The English blues-rock band Bear Witness released the LP Dreams Of Fame on the 28th of February.
Bear Witness – photo by Jacobe Lando
Blues-rock is melded with heavy-metal and indie-rock in what should be an angularity of failed connectivity, yet Bear Witness are able to easily join all the junctions together in a watertight seal that leaves the listener reaching for a faded leather jacket and a silk shirt at one and the same moment without feeling in the least bit out of sorts.
From the six track album my pick of the release is the grungy penultimate song Could One Be You where smouldering guitar riffs combine with slipping drums whilst fiery bass conjoins with a wandering vocal to deliver a song that tousles the hair and pinches the cheeks as it passes through the room.
The US blues-rock quintet Oddnote released their début eponymous LP on the 13th.
Twisted blues guitar gnaws at the skirting-boards as the dirty chords roll through the room while a rumbling rhythm guitar ruffles the ears with a rattling bass bending the window frames and percussion driving the songs forward like a snarling school-mistress rounding up unruly children – overlaying the music is powerful growling vocal – rounding out a fourteen track album (available on bandcamp) that does require the speakers to be turned to full volume and then kicked to clear out any dust to fully enjoy.
Having said all that the LP is very much one of thirds, with the middle section of songs being more mellow, rhythm guitar led, in tone, though that does need to be taken in context, resultingly evidencing a band, which although having only formed last year are already, gelling in to a formidable unit.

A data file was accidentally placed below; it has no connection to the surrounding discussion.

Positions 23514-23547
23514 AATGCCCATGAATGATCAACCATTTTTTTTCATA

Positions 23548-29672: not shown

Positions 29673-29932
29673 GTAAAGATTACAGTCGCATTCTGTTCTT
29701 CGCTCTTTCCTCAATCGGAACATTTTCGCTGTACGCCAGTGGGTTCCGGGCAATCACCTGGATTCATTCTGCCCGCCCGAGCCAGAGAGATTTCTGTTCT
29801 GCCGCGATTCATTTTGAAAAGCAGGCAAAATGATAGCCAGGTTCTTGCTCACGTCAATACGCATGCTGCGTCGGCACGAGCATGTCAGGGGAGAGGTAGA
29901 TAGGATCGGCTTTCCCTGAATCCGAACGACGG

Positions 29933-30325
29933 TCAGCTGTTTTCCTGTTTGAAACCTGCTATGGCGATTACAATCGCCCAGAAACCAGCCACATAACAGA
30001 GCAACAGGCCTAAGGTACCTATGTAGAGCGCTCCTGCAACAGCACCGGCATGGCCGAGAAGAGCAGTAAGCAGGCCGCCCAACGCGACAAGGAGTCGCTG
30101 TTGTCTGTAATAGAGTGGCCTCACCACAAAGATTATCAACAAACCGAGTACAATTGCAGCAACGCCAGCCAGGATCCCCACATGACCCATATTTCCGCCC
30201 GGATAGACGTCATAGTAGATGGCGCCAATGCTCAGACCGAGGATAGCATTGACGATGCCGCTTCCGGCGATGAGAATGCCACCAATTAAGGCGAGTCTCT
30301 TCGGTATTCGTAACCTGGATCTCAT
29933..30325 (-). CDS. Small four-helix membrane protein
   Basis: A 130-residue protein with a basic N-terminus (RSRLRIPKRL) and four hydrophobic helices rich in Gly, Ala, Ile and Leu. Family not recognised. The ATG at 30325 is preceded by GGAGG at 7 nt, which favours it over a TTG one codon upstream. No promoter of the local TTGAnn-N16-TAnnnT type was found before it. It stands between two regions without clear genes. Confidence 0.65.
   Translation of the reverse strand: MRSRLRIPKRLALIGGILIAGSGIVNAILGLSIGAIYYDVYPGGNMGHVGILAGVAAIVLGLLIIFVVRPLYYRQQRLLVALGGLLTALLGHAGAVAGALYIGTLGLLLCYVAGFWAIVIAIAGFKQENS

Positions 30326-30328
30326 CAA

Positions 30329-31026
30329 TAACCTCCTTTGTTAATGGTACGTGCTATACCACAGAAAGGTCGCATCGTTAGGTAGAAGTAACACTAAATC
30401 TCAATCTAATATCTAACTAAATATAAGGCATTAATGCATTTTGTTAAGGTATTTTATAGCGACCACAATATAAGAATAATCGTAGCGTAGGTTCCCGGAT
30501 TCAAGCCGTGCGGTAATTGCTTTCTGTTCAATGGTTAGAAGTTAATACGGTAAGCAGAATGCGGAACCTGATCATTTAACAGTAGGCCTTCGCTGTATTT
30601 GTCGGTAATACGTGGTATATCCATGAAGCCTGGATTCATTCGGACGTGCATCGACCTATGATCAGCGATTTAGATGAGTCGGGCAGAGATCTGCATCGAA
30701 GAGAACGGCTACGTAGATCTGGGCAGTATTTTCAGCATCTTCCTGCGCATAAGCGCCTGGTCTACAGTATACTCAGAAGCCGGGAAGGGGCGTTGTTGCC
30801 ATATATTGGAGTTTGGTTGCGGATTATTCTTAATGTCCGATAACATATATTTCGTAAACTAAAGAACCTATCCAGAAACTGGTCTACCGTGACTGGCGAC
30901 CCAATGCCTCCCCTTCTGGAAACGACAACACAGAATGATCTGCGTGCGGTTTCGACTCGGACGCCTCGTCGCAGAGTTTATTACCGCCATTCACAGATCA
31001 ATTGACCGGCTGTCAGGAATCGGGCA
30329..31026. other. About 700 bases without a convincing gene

My pick of the release being one of the more soft brush tracks – the eleventh – Reckless Movement.
The US blues-rock quintet Bennett Wales & The Relief released the LP Flood Without Water on the 25th of October.
Bennett Wales & The Relief
A ten track album (available on bandcamp) that offers the listener a wide range of songs as the disparate influences come to the fore.
The quintet are at home with pulsing rock roaring through the speakers, as they are with the rumble of delta-blues and equally funky-RnB resultingly the audience doesn’t feel jarred by the changes in texture, rather leaning forward and turning up the volume just a little bit more to delight in the mix of material.
The closing track is the uptempo rock’n’roll foot-stomper – Sugar Walls and my pick of the release.
The US blues-rocker Tommy Zamp releases the LP You Don’t Know Me on the 28th of November.
Tommy Zamp – Gnotti
An eleven track album highlighted by the guitar which winds itself in to coils that defy sound-acoustics and merely requires the listener to have wood-shavings underneath the feet to grind to sawdust through the just under over three quarters of an hour of its duration.
Whilst not my personal selection, those who have engaged with the site for a while do know I have an elderly Pekingese – Gnotti – who lays alongside me as I put fingers to keyboard to write about the music and is of far sharper of hearing than I – never missing a beat – and for reasons which will become evident as the track develops – decided to interact audibly with the second song in particular – making it his pick of the LP – Tattoos Of Stars.
Good Times, a riff laden number, is the first track to surface from a forthcoming LP.
Blue Nation are able to balance heavy rumbles and shimmering highs delivering music in which the listener finds plenty to engage as the trio create, in Good Times, a song which although lasting only three and a quarter minutes is richly textured with varieties of emphasis keeping the audience fully absorbed in the unhurried eloquence.